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public speakers – thought that you don’t want your audience to think #3

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#3 Get to the good bit

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Cut to the chase!

We recently watched this TED talk which we suspect is a career highlight of the
presenter Tasha Eurich. As per TED and TEDX talks everywhere, countless hours of preparation physical, mental and spiritual were invested in a very brief, high-pressure presentation.

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Enough with the build up already, already.

Despite having just 15 minutes to speak– on perhaps the greatest platform she will ever get – Eurich wastes the first four minutes before offering anything of value.

That is too long for a 45 minute presentation let alone something as short as this. Inexcusable.

The first three minutes are vital. KPMG partner and high-profile demographer Bernard Salt does not waste a breath before launching into his presentation. He delivers knowledge, humour and an audience-specific reference within 60 seconds. The audience has barely settled in their seats before they have received some value. Bingo!

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‘Value’ is a word you hear a lot today in relation to marketing, content marketing, public presentations.

The value you offer has to be clear to you and the audience. Stop with the overviews, the introductions and the thankyous. Forget any apologies for seeming a little stressed / tired /flustered.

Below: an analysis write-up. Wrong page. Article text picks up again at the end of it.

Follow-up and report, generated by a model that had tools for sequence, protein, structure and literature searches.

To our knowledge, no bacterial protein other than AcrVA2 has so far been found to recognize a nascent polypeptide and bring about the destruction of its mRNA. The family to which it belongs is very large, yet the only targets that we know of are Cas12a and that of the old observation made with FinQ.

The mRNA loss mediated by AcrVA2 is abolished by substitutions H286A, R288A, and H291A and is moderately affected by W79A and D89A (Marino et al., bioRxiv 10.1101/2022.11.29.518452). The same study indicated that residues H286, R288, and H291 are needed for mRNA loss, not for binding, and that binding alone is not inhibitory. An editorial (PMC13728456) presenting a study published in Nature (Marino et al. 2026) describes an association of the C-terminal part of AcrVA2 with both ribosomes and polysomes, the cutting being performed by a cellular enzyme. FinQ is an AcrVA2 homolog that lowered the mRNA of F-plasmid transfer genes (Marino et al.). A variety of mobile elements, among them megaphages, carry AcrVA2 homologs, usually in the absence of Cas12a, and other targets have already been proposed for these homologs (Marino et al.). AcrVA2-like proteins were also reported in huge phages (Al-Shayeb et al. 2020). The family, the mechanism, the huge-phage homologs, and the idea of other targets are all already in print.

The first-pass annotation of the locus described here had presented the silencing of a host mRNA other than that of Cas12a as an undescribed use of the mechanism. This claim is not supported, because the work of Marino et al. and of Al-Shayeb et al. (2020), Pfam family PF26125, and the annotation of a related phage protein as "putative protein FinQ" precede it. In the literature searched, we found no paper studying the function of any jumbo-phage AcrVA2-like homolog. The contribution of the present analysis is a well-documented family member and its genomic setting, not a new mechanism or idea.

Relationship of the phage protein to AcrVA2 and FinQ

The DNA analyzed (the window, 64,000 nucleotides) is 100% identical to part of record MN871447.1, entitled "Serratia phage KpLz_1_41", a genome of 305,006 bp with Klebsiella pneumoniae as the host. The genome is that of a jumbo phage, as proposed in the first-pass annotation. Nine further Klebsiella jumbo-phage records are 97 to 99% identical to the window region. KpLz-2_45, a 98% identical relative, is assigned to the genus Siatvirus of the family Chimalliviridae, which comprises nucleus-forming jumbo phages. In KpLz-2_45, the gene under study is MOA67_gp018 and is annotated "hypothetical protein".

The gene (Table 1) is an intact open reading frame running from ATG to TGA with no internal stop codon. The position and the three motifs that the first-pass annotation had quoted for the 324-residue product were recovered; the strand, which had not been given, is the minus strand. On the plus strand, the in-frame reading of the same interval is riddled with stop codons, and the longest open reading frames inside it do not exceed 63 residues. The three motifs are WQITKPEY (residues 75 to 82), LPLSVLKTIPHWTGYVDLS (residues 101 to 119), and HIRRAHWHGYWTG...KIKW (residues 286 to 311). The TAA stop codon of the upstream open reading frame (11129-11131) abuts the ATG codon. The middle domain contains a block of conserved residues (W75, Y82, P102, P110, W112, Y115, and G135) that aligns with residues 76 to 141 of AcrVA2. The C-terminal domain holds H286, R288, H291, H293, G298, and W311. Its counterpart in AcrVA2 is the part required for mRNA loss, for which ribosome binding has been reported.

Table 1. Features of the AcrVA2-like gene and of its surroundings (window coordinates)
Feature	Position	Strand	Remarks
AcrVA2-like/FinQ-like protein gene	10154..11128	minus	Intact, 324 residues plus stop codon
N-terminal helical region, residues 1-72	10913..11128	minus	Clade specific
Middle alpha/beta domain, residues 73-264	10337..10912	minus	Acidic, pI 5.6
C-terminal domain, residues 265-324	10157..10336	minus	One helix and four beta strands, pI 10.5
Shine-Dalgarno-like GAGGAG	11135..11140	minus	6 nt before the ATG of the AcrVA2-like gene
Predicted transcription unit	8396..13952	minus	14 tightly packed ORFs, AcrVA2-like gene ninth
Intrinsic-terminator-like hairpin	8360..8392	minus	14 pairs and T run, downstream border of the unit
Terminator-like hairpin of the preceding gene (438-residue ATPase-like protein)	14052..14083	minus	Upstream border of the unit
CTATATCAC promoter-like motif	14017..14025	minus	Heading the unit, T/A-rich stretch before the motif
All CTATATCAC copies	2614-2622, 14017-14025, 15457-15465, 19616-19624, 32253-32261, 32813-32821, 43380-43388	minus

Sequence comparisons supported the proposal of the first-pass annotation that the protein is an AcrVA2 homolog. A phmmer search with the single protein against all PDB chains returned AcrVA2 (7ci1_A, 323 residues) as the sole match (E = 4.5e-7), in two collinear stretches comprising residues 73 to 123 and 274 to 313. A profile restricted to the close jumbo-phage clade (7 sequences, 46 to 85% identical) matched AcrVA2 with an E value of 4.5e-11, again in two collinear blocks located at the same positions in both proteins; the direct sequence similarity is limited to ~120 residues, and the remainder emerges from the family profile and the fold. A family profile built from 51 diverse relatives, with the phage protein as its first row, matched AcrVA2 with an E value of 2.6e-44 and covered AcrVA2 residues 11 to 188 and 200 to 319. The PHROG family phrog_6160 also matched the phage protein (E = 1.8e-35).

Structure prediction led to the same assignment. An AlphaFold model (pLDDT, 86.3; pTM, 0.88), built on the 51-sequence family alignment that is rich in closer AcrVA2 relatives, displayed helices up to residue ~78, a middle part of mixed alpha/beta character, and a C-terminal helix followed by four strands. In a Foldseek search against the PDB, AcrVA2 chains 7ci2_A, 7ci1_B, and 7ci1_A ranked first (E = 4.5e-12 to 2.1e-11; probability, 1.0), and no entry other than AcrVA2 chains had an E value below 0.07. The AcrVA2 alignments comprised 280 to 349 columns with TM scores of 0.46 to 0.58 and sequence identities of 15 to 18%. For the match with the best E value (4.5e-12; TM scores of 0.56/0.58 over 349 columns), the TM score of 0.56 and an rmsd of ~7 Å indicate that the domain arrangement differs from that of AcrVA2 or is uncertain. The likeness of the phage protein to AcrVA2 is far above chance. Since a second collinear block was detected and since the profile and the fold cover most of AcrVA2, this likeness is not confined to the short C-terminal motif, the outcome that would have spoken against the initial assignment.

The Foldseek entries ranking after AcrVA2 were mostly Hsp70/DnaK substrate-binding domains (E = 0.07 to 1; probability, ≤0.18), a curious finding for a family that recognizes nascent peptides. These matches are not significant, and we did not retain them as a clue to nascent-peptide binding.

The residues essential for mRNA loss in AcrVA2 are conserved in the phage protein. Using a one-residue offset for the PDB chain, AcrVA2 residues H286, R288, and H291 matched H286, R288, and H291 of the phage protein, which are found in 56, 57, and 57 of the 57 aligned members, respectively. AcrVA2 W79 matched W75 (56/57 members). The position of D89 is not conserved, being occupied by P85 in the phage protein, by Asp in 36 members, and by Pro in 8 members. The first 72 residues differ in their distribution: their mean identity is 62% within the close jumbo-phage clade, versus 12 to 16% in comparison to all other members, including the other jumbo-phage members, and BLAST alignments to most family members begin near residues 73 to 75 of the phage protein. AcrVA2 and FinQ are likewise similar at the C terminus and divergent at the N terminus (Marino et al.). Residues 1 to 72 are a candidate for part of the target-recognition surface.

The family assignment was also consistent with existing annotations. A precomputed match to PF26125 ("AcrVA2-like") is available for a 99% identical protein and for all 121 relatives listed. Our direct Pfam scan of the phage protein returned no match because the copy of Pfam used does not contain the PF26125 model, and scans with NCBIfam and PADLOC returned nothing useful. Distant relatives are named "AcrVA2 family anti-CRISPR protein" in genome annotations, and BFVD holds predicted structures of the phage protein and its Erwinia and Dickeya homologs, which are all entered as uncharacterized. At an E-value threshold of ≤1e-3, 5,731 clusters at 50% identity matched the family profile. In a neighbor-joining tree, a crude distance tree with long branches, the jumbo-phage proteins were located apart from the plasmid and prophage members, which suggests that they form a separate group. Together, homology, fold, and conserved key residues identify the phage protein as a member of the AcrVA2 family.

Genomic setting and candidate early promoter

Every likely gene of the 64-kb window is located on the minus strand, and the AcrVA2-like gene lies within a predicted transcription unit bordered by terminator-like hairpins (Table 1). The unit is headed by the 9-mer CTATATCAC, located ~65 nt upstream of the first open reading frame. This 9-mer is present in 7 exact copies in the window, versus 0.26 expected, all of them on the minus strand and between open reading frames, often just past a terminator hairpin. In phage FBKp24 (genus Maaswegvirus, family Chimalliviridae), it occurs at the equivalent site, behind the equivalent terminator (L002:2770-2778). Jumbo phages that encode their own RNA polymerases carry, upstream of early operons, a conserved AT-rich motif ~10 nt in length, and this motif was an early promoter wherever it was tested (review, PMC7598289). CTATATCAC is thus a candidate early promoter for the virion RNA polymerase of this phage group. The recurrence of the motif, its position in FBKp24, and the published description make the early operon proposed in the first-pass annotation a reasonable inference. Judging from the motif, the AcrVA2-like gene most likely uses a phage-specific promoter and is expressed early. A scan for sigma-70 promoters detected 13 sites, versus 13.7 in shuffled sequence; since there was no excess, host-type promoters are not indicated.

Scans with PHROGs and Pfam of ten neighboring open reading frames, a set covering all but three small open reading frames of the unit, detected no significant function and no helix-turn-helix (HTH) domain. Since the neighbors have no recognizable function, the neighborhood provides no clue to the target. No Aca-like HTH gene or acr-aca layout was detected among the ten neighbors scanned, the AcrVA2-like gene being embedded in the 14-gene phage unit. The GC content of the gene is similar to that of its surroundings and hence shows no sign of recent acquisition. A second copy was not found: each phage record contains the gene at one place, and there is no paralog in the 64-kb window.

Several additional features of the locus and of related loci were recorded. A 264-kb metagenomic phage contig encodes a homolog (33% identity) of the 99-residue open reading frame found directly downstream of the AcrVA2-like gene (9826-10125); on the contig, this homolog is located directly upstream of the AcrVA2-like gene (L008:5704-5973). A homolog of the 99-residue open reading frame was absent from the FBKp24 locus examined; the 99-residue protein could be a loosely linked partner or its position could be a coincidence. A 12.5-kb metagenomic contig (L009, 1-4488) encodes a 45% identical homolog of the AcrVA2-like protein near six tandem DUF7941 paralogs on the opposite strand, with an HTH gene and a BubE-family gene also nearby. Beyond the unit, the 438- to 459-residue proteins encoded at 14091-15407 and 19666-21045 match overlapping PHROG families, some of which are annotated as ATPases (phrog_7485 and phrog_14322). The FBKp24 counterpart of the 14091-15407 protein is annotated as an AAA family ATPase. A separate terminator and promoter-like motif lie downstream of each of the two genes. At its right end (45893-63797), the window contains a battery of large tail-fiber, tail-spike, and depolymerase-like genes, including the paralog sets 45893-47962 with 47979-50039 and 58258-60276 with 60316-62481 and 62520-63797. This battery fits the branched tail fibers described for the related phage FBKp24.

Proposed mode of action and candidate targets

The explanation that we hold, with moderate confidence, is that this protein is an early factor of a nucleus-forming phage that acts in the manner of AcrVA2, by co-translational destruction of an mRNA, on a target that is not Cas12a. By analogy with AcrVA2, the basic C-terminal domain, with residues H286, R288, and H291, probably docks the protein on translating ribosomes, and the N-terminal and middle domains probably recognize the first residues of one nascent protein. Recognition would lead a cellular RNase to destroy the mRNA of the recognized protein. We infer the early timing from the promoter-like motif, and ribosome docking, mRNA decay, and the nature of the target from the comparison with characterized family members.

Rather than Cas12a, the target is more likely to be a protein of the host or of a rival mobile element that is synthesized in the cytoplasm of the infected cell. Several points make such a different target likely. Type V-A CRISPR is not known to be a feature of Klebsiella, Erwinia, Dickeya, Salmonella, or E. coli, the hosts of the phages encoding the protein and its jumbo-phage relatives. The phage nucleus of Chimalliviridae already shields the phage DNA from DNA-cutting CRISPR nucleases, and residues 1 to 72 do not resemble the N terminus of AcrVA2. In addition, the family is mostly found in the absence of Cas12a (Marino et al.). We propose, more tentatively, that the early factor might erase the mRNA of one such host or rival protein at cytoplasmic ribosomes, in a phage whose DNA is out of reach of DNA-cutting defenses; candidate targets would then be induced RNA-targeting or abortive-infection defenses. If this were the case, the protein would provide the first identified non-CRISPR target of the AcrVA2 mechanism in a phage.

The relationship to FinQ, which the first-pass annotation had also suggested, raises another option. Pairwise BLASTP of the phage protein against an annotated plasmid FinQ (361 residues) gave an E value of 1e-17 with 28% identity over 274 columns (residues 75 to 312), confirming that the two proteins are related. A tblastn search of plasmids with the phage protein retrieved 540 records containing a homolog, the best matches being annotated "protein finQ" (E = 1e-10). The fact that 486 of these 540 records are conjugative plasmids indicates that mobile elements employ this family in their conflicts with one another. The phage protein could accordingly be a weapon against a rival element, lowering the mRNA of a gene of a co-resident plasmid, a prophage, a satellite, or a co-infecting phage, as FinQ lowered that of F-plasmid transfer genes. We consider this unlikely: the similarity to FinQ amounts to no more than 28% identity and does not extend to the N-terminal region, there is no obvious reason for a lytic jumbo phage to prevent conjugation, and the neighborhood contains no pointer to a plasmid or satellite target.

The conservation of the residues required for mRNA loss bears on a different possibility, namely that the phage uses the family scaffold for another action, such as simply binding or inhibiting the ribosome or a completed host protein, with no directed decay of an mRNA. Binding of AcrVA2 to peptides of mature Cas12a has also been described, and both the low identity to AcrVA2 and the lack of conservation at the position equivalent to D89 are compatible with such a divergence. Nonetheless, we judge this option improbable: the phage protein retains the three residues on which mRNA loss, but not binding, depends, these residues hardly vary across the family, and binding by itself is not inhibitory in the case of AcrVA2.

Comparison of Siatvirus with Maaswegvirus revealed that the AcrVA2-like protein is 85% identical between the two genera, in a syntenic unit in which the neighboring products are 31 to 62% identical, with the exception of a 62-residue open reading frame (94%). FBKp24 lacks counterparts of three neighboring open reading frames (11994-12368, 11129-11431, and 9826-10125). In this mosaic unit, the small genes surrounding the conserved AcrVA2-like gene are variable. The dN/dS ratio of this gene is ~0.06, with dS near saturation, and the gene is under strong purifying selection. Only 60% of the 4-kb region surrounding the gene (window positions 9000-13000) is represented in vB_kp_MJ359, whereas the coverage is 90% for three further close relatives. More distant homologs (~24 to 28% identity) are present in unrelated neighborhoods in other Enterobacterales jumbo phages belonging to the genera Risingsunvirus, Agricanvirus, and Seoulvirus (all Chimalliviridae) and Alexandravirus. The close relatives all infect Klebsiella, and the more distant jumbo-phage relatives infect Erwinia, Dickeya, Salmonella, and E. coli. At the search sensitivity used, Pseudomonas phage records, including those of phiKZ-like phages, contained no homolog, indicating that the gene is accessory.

Deliver some value. That might be in the form of a story, a fact, a contention, a gag, an audience participation exercise just don’t wait for the big finish.


Public speaking – 11 thoughts you don’t want your audience to think

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Too few public speakers make the most of their opportunity and very few in Australia take any public speaking training. It’s easy for public speakers to think that their presentation went well as very few audience members express their true feelings. Event managers are often more concerned with punctuality and logistics than content, so presenters can live in a bubble.

However if we delve into the minds of audience members we’d often find thoughts like those featured in this series:

Thoughts you don’t want your audience to think.

Whether you speak to conference rooms or board rooms, to policy advisers or prospects, avoid these thoughts by attending our upcoming our public Present Savvy workshops or book your own today.

Thought #1: “Duh!”

public speaking training

Tell them something they don’t know.

There’s a fine line between explaining what needs to be explained and teaching people to suck eggs. Many public speakers are worried about bringing the audience along with them so they explain everything from the ground up. They give background, they show organisational flowcharts, they treat audiences as students rather than fellow professionals. Don’t do this.

A client of ours recently ran through a presentation that she was planning to make to a room full of nutritionists. The thrust of the presentation was about how a low socio-economic school compensated for the poor nutrition kids were getting at home through their breakfast plan and other means.